Llandegla in North Wales is one of my favourite trail centres to ride at, it is perfect for when I want somewhere a bit different to Cannock Chase, but still familiar enough that I can just turn up and ride without worrying about navigation and finding the trail. I have ridden at Cannock twice recently, both with and without Owen, and had new brakes to test on my Orange Four – so Llandegla was perfect! I even managed to wake up early and was out of the house by 8:30, which is almost unheard of for me. The only thing I had forgotten to do was check the weather forecast – I had gone prepared for a warm spring day. It was a cold spring day, with rain on and off. I was glad that I had left my waterproof jacket in my riding pack.
I was on the trail by 10:30, the long climb at the start of the trail went quickly, and I was feeling confident. However I always forget that the red trail has even more climbing after that! What was of more concern to me on the ride down to “Snowdon View” was that the rear suspension on my bike felt too stiff, I was being shaken around (looking back at my post from the last time I rode there, I was adjusting my suspension too – it must be something about the trail). However I also had a few pedal strikes, indicating that my suspension was too soft.
My suspension set up ponderings were interrupted by my arrival at the “Double Steep Climb”, which like last year, I smugly thought the trail diversion had avoided. Like the name implies, it is really steep, I had to get off and push. The view at the top was worth it though, and was where I took the photo at the top of this post. I carried on round the trail, enjoying the descents and cursing all the steep climbs that I had forgotten about. Whilst it isn’t enjoyable at the time, I do like the sense of achievement from slowly making it up the climbs.
After finishing the red trail I treated myself to lunch in the cafe – southern fried chicken on macaroni cheese. Yum! The food at Llandegla is always good, which almost made up for it taking 45 minutes to come out. Not ideal when you want to be riding and are having to sit outside to keep an eye on your bike because the bike stands are too fat to get your lock round! Fortunately the food made up for it!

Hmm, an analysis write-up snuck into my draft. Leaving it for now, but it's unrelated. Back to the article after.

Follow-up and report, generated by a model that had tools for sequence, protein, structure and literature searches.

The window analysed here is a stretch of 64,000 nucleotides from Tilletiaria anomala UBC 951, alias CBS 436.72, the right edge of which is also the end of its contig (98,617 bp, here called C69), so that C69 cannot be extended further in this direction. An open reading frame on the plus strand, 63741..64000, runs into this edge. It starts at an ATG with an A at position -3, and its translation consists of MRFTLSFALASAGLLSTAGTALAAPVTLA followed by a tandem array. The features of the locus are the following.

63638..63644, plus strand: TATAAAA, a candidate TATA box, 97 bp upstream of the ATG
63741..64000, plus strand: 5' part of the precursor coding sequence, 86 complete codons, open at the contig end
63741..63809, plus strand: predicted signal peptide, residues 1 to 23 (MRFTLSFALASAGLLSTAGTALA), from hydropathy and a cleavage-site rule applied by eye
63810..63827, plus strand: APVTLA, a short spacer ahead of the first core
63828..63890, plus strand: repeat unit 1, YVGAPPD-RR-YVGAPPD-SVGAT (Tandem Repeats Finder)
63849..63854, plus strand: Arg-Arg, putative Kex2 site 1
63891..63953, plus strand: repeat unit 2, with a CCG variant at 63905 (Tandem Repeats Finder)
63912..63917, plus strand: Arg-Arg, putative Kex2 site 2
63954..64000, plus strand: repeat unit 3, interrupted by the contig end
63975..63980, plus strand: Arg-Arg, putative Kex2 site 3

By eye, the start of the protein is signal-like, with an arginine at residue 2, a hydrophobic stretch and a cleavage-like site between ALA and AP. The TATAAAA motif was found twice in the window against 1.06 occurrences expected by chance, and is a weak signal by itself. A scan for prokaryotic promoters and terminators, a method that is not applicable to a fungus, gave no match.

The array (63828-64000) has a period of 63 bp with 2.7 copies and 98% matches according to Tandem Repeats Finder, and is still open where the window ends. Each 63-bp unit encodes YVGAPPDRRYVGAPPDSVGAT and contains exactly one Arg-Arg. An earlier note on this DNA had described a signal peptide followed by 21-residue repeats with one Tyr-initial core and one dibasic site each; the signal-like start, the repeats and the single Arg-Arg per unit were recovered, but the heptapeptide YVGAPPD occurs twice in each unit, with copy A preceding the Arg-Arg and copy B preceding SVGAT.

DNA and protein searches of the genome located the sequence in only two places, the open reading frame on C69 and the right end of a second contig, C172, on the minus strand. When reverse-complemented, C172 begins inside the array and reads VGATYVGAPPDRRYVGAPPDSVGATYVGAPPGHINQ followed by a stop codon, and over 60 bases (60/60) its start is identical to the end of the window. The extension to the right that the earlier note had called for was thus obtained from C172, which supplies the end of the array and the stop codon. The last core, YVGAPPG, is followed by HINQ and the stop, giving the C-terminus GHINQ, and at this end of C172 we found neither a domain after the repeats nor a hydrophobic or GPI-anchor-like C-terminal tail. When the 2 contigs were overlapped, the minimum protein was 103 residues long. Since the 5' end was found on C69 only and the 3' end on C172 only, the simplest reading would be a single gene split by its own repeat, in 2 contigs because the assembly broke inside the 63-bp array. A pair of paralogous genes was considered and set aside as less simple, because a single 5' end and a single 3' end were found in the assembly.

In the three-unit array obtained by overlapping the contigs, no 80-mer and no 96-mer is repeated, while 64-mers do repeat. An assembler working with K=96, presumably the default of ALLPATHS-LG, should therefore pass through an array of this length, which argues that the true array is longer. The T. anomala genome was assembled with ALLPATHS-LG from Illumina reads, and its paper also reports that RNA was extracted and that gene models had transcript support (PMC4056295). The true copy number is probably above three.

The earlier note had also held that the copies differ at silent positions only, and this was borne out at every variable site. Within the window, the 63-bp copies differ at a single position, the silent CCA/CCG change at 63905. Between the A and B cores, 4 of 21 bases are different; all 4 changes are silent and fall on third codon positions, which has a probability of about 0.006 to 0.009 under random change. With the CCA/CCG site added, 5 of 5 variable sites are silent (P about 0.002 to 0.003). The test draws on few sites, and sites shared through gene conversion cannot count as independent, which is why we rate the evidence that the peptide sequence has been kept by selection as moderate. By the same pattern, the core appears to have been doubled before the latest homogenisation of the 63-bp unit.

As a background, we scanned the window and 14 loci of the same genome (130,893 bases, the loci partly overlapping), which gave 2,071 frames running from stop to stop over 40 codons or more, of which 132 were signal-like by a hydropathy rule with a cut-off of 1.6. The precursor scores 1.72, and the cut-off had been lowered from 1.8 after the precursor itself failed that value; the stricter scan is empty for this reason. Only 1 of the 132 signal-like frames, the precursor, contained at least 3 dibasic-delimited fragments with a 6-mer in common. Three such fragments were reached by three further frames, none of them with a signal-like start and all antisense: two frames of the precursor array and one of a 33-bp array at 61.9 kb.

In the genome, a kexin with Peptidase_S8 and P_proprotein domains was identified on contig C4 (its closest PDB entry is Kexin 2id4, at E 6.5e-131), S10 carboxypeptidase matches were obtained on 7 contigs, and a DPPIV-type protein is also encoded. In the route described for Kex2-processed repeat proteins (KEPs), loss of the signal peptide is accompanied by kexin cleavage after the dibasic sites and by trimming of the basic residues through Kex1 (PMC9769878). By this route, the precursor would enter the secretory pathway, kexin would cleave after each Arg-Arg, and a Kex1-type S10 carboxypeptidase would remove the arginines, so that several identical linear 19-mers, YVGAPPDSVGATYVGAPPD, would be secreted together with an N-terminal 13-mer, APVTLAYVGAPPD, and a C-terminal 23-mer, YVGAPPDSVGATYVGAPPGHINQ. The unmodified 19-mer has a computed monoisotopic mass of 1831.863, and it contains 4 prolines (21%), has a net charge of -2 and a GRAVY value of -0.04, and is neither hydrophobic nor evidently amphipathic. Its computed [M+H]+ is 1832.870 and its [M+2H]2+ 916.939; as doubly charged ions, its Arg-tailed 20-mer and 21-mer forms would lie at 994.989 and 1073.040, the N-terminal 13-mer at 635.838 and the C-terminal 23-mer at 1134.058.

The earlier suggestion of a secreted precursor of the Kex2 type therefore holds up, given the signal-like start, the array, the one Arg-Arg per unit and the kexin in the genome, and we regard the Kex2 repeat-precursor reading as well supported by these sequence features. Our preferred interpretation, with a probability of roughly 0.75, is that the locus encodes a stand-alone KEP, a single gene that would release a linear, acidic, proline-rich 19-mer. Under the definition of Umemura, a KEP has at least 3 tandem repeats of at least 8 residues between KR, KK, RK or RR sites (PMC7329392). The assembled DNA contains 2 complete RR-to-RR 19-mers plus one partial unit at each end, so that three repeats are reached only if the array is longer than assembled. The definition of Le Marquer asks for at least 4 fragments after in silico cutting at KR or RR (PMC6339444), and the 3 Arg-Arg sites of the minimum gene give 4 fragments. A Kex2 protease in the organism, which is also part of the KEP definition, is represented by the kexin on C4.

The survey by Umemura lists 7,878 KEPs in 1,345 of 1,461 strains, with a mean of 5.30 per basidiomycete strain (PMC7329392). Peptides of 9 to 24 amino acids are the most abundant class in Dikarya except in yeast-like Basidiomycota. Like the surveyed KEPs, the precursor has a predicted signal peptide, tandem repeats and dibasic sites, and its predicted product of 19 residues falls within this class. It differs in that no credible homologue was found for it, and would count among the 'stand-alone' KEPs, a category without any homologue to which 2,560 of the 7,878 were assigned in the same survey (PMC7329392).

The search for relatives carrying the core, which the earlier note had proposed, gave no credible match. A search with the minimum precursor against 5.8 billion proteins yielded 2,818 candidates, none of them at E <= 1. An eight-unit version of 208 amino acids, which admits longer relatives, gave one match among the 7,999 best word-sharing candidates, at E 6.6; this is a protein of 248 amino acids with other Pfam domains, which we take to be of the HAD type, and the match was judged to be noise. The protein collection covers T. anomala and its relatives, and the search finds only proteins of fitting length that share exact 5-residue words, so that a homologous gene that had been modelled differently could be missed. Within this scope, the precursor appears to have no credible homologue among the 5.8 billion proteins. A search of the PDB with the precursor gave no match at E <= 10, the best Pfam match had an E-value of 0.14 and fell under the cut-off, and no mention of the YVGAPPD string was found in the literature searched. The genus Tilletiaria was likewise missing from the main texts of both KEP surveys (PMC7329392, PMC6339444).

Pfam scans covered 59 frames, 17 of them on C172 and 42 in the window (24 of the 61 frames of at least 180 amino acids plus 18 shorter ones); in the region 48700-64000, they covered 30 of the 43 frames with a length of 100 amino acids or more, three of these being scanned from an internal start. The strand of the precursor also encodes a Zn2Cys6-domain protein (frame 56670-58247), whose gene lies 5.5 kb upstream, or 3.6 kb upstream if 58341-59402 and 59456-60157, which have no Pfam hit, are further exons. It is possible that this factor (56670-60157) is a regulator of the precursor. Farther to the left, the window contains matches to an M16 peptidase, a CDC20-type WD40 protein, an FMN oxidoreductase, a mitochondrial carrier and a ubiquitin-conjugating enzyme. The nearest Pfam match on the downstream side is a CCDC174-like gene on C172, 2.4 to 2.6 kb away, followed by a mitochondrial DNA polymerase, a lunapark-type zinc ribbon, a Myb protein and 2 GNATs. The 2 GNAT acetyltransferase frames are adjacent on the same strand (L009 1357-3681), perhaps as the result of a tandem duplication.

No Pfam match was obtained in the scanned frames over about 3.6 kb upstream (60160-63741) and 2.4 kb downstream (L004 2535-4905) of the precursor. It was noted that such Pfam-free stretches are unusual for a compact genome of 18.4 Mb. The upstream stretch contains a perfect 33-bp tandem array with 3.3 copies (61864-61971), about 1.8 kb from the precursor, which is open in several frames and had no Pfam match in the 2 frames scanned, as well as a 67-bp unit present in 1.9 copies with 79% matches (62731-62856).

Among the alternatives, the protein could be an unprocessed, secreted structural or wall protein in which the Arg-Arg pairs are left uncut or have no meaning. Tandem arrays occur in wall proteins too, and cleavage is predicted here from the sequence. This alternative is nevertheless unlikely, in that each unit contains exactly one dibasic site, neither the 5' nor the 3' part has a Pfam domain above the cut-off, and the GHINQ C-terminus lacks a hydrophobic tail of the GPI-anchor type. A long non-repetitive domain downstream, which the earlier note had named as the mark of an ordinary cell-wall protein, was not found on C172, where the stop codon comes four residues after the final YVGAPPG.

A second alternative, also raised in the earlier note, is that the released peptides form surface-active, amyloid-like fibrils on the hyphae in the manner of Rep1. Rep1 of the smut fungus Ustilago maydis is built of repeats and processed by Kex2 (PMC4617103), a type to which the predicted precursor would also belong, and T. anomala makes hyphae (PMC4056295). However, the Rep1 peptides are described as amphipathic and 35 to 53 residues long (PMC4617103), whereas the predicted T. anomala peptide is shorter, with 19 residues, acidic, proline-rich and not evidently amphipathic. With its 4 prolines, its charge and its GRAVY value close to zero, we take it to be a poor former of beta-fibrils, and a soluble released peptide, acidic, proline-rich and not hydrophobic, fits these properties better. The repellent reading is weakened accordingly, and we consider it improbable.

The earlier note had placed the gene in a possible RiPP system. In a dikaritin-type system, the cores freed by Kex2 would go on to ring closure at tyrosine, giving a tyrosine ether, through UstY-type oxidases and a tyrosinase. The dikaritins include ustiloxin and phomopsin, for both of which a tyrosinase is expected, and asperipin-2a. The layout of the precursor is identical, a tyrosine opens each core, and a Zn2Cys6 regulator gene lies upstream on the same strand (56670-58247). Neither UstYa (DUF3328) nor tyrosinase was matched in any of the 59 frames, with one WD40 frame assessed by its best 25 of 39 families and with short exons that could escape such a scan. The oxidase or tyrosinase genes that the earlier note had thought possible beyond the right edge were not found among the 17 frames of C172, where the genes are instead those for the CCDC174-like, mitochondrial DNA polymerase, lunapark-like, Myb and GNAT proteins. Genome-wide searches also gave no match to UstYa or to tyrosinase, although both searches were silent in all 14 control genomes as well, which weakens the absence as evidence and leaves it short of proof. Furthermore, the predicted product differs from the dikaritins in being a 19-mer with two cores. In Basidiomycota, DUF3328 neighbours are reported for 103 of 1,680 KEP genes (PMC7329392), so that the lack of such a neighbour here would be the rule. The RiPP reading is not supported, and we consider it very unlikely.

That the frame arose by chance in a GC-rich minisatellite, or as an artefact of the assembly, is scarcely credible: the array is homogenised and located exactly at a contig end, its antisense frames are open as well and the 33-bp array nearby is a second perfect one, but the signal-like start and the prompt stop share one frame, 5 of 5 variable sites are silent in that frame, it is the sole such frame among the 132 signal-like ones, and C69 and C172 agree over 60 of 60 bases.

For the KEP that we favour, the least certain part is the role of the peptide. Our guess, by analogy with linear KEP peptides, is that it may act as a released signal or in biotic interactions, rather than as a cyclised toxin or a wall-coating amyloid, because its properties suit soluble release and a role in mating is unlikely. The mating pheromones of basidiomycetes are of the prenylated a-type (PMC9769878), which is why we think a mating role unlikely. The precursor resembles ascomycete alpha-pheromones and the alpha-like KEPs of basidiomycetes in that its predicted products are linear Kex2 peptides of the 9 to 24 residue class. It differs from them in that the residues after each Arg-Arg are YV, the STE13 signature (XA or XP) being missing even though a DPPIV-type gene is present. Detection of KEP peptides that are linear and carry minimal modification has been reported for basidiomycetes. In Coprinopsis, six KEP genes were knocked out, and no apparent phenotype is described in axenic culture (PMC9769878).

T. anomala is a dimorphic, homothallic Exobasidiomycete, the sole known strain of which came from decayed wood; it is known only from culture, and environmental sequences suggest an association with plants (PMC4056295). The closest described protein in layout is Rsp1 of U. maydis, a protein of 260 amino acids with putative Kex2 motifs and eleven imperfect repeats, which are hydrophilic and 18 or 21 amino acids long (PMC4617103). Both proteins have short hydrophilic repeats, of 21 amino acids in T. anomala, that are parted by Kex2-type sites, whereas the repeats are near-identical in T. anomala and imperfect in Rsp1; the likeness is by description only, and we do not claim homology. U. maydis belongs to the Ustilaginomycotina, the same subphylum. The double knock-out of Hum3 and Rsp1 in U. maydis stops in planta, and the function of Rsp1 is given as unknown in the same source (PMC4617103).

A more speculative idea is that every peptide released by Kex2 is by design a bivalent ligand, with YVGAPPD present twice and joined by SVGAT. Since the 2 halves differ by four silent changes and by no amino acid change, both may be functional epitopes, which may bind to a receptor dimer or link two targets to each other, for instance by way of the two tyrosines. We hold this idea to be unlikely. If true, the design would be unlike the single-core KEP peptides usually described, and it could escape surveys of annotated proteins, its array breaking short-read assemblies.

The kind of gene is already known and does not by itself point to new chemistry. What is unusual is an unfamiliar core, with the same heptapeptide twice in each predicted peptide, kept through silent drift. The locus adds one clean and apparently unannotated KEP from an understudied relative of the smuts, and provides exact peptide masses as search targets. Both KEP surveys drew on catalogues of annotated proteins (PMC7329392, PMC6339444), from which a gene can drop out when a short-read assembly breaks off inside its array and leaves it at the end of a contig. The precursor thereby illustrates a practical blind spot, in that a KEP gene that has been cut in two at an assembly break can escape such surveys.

After lunch I went for a lap of the blue trail, it is the same long climb as the red trail, but takes a gentler path back down to the start – still with a few climbs though! The first section of the blue trail, from where it splits from the red trail to the woods, is one of my favourite sections of trail anywhere. Fast and flowing, and usually empty! I think I actually prefer the blue trail to the red. The last section of the blue trail, from the reservoir back to the cafe joins up with the green beginners trail. Riding that made me think it would be ideal to ride with Owen, either on the Mac Ride, or next year when he has his own bike. Green trails are usually just fire roads, but this one has single track and berms and even goes past a pump track – Owen would love it!
On the long drive home (thankfully not too much longer than normal, despite the bank holiday traffic), I was thinking about my suspension settings again and decided that I really need to get it sorted. When I got home I posted my thoughts on the Fox Suspension UK Facebook group. It was pointed out that I am running my fork too soft (I have been reducing the pressure to try and get it to use the full travel) which makes my bike too low – probably causing the pedal strikes. It was also mentioned that the suspension works better the faster you ride, so maybe more fitness work needed too! With help from the other members I have devised a plan: first, I need to get the fork set up correctly by increasing the air pressure, this will mean it uses less of the travel, so I will need to open the fork up and remove some spacers from the air chamber, which should give me full travel. Then, once the fork is sorted, I can work on adjusting the rear shock. Hopefully I will be able to get out over the next few days, on trails that I am familiar with, and make these adjustments.